Published in The Futon Sun 8/22/2012
By KATHERINE CUMMINS
Hannah Minchow-Proffitt knew before she left Kibungo, Rwanda last summer that she would be back to Fulton and Callaway County's sister community.
Having just returned from her second trip as part of a group of 10 volunteers, Minchow-Proffitt - who works in Westminster College's Emerson Center for Leadership and Service - said Kibungo is now in her blood.
"It is one of those infectious places - I knew it wasn't going to be my last trip there before I even left the first time," she said. "For me, returning it was rewarding to see familiar places and faces so far from home and having people remember you and say, 'You really did come back!'
"It's become part of my life."
With days spent volunteering with other representatives of the Rwanda Community Partnership and Humanity for Children at orphanages and hospitals and furthering relationships with the residents of Kibungo, Minchow-Proffitt said the highlight of her second visit was solidifying her connection with the locals.
"I think my favorite part was going to the Presbyterian church," she said. "They asked me the night before if I would give my faith narrative.
"It allowed me to realize how this trip has impacted that aspect of my life as well."
Sam Mayne, a 2012 Fulton High School graduate who traveled to Rwanda for the first time this July, said he also made some strong connections during his trip.
"I think the highlight of my trip was one day when I went out and played a game of soccer with some guys. I felt like I made some friends that day," Mayne said. "It was just human-to-human contact and it really felt like I got to know those guys."
Emily Vreeland, a Westminster senior from Independence, cited two such "human-to-human" interactions as the best parts for her as well.
"At the beginning of the trip we went to a village, we have a pig project there. It seemed like most of the village came out to greet us, and they were so excited," Vreeland said. "Even if you can't understand the language, you made a connection with them. It was wonderful getting to see their houses, getting to know them more."
Even more special to Vreeland was getting the opportunity before they left to dance with the Masai women.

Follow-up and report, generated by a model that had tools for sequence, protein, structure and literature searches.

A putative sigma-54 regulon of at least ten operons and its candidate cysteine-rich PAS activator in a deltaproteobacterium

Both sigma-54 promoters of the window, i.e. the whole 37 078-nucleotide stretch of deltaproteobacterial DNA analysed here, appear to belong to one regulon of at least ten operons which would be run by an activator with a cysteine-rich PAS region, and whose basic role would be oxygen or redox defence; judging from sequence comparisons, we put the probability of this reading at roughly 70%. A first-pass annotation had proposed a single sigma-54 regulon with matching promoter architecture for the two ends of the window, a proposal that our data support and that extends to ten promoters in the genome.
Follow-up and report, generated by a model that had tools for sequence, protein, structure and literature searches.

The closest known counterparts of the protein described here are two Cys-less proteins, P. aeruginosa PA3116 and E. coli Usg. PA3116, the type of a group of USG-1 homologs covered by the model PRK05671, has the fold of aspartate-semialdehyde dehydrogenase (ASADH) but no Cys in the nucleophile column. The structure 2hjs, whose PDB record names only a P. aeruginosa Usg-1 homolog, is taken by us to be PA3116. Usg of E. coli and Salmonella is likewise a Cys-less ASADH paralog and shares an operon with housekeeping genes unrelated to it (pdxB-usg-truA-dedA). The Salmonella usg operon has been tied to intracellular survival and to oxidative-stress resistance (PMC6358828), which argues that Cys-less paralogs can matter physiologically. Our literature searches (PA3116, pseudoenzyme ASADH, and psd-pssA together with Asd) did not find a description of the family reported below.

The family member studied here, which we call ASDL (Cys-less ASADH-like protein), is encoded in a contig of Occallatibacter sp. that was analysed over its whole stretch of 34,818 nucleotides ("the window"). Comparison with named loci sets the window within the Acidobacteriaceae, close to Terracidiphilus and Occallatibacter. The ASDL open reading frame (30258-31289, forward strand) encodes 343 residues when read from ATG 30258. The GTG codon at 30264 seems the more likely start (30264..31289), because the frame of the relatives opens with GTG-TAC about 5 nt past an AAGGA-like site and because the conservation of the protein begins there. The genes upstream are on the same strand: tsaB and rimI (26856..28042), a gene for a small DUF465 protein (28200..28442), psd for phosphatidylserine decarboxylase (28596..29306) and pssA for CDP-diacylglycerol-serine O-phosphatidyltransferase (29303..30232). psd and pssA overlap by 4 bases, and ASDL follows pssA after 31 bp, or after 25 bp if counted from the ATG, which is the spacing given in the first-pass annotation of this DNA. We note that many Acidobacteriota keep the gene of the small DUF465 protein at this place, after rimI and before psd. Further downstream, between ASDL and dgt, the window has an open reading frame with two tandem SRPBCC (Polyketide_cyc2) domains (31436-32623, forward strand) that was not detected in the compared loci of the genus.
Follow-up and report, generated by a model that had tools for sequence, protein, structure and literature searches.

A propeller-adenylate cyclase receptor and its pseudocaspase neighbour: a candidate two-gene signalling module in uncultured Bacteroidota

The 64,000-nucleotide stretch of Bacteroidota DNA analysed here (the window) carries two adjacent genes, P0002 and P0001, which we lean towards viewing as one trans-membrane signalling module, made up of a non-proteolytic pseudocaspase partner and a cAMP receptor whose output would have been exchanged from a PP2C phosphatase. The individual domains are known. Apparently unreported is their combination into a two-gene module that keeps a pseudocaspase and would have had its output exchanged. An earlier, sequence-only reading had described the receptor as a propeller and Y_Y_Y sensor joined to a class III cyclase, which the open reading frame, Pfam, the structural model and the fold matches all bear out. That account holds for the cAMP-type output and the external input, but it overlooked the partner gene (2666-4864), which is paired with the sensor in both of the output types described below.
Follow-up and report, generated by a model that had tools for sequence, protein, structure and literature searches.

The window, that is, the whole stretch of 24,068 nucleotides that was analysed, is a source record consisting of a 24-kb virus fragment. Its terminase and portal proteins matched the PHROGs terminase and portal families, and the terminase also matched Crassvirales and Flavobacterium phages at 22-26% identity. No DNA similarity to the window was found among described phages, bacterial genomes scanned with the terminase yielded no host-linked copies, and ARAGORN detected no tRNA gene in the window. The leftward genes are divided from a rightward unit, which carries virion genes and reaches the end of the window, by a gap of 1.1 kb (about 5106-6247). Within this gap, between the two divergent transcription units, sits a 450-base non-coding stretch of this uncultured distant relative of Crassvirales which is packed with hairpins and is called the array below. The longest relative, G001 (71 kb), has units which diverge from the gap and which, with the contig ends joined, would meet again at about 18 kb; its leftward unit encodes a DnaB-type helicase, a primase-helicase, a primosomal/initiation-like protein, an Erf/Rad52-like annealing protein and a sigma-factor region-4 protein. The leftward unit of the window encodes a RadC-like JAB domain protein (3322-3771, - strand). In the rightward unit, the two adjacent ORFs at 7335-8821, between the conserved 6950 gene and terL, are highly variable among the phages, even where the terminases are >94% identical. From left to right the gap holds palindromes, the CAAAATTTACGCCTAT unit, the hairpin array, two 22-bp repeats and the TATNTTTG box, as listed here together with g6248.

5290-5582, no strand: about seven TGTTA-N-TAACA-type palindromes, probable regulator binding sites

"They had given us these big necklaces and they invited us to the middle of the circle and it was just a big celebration," she said. "It was indescribable."
Vreeland said she decided to go to Rwanda after working with Dr. Bob Hansen, who started the partnership with help from Humanity for Children, and hearing stories from other Westminster students and staff who had been.
"This is what I hope to do in the future," she said.
After several years of participating locally in the Youth in Rwanda Partnership, Mayne said he wanted to go to Rwanda for similar reasons - because "I thought it would be a really good way to experience what it's like and get a little better global picture."
"I also really just wanted to help people. I just have kind of been raised to want to help other people," Mayne said. "As a scout, I've pledged for 12 years to help people, and I really like to see other cultures."
He said he got the opportunity to achieve both of those goals, meeting with members of the Kibungo community, talking about projects that already have been started and are planned for the future, meeting with microloan groups and "just interacting with the people."
"I never really understood just how uncertain life can be over there," Mayne said of his experience. "(For example) the power was not guaranteed - it was out for several days - and water pressure, simple things we take for granted."
He said the time spent in Rwanda helped reinforce some of his plans for after college.
"It kind of cemented in my mind that I plan to go into the Peace Corps for a year or two after college," Mayne said. "We really have so much to offer, and these people are living off so little. I feel like it's our job to help as best we can."